Thursday, May 9, 2013

Food Experiments

I'm a little late to the party on this one.  I don't have Pinterest or Twitter and I don't follow that many people on instagram, so I hadn't heard of "overnight oats" until my friend De posted about it on her blog.  Well, now I have to give a big thank you to her for introducing me to such an ingenious idea!  I have a feeling I'm not the only one who hasn't seen this before and I know I have some readers who love oatmeal but probably wouldn't mind a few extra minutes in the morning.  

Overnight Oats
Here's how they work: you put equal parts of your favorite oatmeal and your oatmeal-making liquid into an airtight container overnight.  In the morning, you have perfectly made oatmeal.  It's like little breakfast elves inside your fridge are taking your raw materials and leaving you a treat in return.  Really, it's just that the oats soak up the liquid (and flavor!) overnight.  You can add any toppings or sweeteners you like and you can eat it either hot or cold, but if you're zapping it in the microwave, don't put fresh fruit on it until the end.  When I looked at pictures online, I was afraid the oats would become mushy by sitting in liquid for so long, but they actually turned out perfectly.

Here's how I made mine:
1/2 cup McCann's Quick-Cooking Rolled Oats (but seriously, any oatmeal will work) and 1/2 cup Trader Joe's coconut milk, 1 tbsp. chia seeds, small handful of raw almonds, 1 chopped date, 1 sliced banana

1/2 cup McCann's oats, 1/2 cup canned light coconut milk (I was out of the TJ's kind), slightly less than 1/2 cup frozen wild blueberries, 1 tbsp. chia seeds, 1 serving raw almonds, small handful dried coconut flakes, 1/2 tsp. coconut sugar, 1/4-ish tsp vanilla extract (I didn't really measure, but it was less than a capful)
But you can add whatever you want... I'm not the boss of you!
Although oats themselves are gluten free, most oatmeal brands can't guarantee that the product is free from gluten contamination because it sometimes comes into contact with wheat and barley in the factory where it's milled.  For a safe, gluten-free alternative, I might try this with quinoa and see if it works.  I'll let you know tomorrow!  Quinoa is a much tougher grain to cook though, so my hypothesis is that it won't be successful.

So, I've also tried chia seeds for the first time this week.  "You mean chia like Chia Pets?"  The very same.  Along with flax seeds and hemp seeds, they're great sources of protein, fiber, and Omega-3 fatty acids in a small package.  They're also not a bad source of calcium... 2 tablespoons a day will provide 16% of your recommended daily intake.
they look like this when they're dry
As far as I can tell, they have no taste.  They do have a satisfying (to me) crispness... they almost pop between your teeth like the shell of mini M&Ms.  They thicken whatever liquid they're added to and turn it into a sort of mucilaginous goop...
like this
...which might not be for everyone, but I don't mind it.  Because of all this, they are an essential ingredient in a good cleanse.  They are supposedly great for detoxifying the liver, but I don't know how to tell if my liver feels less toxic.  I'll have to get back to you on that one.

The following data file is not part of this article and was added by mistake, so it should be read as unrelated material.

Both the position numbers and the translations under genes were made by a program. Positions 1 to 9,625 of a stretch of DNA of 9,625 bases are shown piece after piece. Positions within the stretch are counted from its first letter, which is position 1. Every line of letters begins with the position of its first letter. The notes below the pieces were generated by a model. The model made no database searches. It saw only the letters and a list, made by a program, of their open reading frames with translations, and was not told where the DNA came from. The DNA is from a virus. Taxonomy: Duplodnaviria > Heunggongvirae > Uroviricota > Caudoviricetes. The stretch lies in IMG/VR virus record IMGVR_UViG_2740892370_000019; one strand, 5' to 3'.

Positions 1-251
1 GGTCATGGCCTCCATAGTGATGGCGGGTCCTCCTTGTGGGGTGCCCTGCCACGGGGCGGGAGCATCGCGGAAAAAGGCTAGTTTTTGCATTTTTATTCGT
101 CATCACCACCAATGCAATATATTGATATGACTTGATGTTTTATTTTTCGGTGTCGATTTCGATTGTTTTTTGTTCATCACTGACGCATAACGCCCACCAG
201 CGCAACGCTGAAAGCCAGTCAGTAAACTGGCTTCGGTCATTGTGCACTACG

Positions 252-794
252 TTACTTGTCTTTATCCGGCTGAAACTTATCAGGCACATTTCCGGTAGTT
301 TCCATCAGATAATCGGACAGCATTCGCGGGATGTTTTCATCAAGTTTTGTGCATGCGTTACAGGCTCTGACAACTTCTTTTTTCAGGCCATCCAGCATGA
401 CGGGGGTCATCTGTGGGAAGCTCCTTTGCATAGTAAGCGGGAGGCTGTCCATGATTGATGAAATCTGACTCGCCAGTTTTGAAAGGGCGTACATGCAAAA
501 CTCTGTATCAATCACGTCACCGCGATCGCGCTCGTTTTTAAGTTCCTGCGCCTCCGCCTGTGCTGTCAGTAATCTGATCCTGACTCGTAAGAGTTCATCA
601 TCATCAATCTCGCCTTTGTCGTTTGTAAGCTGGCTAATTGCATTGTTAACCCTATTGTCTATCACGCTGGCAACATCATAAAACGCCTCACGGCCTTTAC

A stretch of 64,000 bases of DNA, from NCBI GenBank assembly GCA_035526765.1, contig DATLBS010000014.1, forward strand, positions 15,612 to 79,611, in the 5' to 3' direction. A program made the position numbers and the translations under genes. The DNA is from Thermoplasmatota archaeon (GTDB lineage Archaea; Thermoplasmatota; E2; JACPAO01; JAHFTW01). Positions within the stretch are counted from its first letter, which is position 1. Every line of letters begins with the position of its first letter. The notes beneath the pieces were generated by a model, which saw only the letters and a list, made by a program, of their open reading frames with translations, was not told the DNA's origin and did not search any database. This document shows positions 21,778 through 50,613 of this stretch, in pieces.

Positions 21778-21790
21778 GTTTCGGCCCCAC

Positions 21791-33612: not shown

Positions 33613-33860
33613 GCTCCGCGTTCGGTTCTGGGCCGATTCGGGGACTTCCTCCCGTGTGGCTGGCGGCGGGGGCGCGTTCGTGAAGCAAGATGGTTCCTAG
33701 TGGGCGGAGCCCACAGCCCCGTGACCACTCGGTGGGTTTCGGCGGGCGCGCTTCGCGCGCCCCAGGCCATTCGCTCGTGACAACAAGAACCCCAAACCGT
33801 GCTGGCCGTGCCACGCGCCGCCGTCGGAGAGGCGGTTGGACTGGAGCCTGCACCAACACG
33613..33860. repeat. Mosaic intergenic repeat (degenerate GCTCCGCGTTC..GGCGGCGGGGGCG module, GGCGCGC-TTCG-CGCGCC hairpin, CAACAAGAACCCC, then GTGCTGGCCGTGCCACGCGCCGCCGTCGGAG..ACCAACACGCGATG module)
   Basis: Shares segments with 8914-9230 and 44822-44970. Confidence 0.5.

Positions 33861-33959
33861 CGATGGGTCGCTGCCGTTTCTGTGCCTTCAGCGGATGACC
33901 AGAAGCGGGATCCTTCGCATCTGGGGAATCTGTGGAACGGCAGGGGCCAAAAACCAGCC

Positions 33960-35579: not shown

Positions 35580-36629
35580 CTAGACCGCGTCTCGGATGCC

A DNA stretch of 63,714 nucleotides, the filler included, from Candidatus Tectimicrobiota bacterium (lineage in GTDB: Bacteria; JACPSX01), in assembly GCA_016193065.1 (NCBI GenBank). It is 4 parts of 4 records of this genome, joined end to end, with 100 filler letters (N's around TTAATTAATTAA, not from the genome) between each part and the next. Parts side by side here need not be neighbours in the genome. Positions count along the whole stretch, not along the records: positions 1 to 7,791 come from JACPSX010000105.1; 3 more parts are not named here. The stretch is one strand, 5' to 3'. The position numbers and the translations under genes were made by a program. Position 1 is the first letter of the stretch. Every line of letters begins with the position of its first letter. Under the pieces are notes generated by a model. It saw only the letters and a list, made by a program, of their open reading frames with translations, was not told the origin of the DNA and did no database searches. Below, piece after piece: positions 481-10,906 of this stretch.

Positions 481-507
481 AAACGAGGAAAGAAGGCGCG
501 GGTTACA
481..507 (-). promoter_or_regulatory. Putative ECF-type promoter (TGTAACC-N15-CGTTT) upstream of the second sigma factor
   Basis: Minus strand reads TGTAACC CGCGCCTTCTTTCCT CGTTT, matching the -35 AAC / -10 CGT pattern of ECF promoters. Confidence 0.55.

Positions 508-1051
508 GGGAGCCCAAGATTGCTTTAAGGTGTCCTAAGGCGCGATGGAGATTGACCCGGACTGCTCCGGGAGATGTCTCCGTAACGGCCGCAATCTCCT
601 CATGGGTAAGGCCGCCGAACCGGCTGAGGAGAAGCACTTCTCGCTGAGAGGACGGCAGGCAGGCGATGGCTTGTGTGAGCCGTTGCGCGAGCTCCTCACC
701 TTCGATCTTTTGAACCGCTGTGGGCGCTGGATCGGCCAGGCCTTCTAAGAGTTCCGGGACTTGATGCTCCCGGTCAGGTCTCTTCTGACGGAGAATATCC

Shakshuka!
This is a dish that I've always wanted to try, but just never got around to it for one reason or another.  Shakshuka (or shakshouka) is a Middle Eastern baked egg dish in a tomato and pepper-based sauce that is often eaten in Israel during Passover (or whenever!), or in Egypt, Tunisia, etc.  Since it was featured in the New York Times this week, I decided that now was the time.  I watched Melissa Clark make it, but didn't use an exact recipe.  I hate measuring things and usually just cook based on intuition (which is why I'm a terrible baker).  I swear I've read recipes that insist shakshuka is NOT made with garlic or onions or something like that, but I can't find it now, so I assume it's a personal preference thing.  This seems like the kind of dish that varies regionally and between families, like "Sunday gravy" for Italians.  The result was successful and delicious anyway!
First, I sauteed one onion and two chopped red bell peppers in a few glugs of olive oil.  I added a generous sprinkle of salt and pepper and let the veggies soften.  Then, I added two sliced cloves of garlic, about a teaspoon of ground cumin, a little less than a teaspoon of good-quality paprika, and a pinch of ground cayenne pepper.  After the spices toast a little bit and get fragrant, I added in 1 28oz. can of diced tomatoes.    Preheat the oven to 350 while the sauce is cooking.  Stir and let simmer until all of the ingredients come together and release their liquid, about 20 minutes or so.  Crack in as many eggs as you want to eat (free range and organic, of course) and put the pan in the oven.  Bake just until the whites are set; you want the yolk to stay runny, so only about 10 minutes.  Be very careful when handling the pan after it comes out of the oven... I made sure to use two potholders, but then accidentally brushed my arm against the edge of it while plating and burned myself Bluth-Cornballer-style.  I'm not sure what herbs (if any) are traditionally used in this dish, but I topped it with fresh cilantro and parsley because those are my favorite.  Shakshuka is typically served with feta cheese, plain yogurt, and/or pita, but since I'm not eating dairy or wheat, I served it alongside saffron-infused millet.
bon appétit / בתאבון / وجبة شهية. 
(thanks, google translate!)

I've had fun experimenting with food this week... I might have to make this a regular thing.  I've been considering making my own mayonnaise and protein/fiber bars, so maybe I'll try that next week!

1 comment:

  1. OMG those eggs. Want.

    And I love overnight oats! So glad you tried 'em!

    ReplyDelete